The House has cleared a fiscal cliff bill to stave off tax hike for tens of millions of Americans but is at best a short-term fix. The 257-167 House vote will cap days of frantic activity on Capitol Hill.
President Barack Obama is expected to sign the legislation quickly. It only got this far after Speaker John A. Boehner (R-OH) and Majority Leader Eric Cantor (R-VA) held a series meetings with Republican lawmakers outlining options. One high-risk strategy under consideration would have involved amending the bill and sending it back to the Senate. But it would likely have been DOA on the other side of the Capitol.
Such an outcome could make the House GOP the public face of a failed effort to avert automatic tax hikes and spending cuts and possibly cause a public outcry as taxes on every American worker would jump, reports The Washington Post.
The agreement, approved by the Senate in a highly unusual New Year's morning vote, primarily targets taxpayers who earn more than $450,000 per year, raising their rates for wages and investment profits. At the same time, it would protect more than 100 million households earning less than $250,000 a year from income tax increases scheduled to take effect Jan. 1.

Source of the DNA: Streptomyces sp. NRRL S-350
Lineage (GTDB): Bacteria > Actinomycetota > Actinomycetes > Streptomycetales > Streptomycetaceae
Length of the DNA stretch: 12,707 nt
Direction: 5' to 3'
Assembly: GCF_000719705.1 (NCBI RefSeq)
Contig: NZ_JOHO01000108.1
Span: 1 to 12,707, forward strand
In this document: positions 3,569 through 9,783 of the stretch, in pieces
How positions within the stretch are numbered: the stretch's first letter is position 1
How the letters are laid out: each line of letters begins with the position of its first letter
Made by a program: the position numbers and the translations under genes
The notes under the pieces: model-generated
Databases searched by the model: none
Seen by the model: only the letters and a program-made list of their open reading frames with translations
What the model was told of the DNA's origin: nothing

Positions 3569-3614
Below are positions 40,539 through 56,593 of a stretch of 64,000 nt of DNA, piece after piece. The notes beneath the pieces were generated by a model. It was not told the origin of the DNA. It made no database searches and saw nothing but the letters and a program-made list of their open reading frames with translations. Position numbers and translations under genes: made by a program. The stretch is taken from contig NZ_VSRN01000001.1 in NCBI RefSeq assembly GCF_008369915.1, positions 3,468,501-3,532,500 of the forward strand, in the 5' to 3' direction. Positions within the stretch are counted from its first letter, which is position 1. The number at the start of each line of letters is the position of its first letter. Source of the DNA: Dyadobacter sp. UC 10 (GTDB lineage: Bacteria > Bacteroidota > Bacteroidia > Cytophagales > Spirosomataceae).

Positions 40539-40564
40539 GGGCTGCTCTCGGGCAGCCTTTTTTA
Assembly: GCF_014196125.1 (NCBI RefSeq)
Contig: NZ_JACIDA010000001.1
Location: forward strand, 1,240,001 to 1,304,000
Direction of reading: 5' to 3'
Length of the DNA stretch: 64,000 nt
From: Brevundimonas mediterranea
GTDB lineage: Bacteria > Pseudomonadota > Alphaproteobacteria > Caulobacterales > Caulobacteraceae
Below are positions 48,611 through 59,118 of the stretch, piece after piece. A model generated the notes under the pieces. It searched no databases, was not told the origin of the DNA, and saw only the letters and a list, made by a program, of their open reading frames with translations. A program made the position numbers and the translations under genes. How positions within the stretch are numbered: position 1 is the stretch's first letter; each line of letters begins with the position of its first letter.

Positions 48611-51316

The deal came together barely three hours before the midnight deadline, after negotiators cleared two final hurdles involving the estate tax and automatic spending cuts set to affect the Pentagon and other federal agencies this week.
Though the final vote was hardly in doubt, it still provided surprises. Speaker Boehner voted for the bill but Cantor opposed it. So did House Majority Whip Kevin McCarthy (R-CA). House Budget Committee Chairman Paul Ryan (WI), the 2012 vice-presidential nominee, voted for the measure.
Politix reporting and via The Washington Post.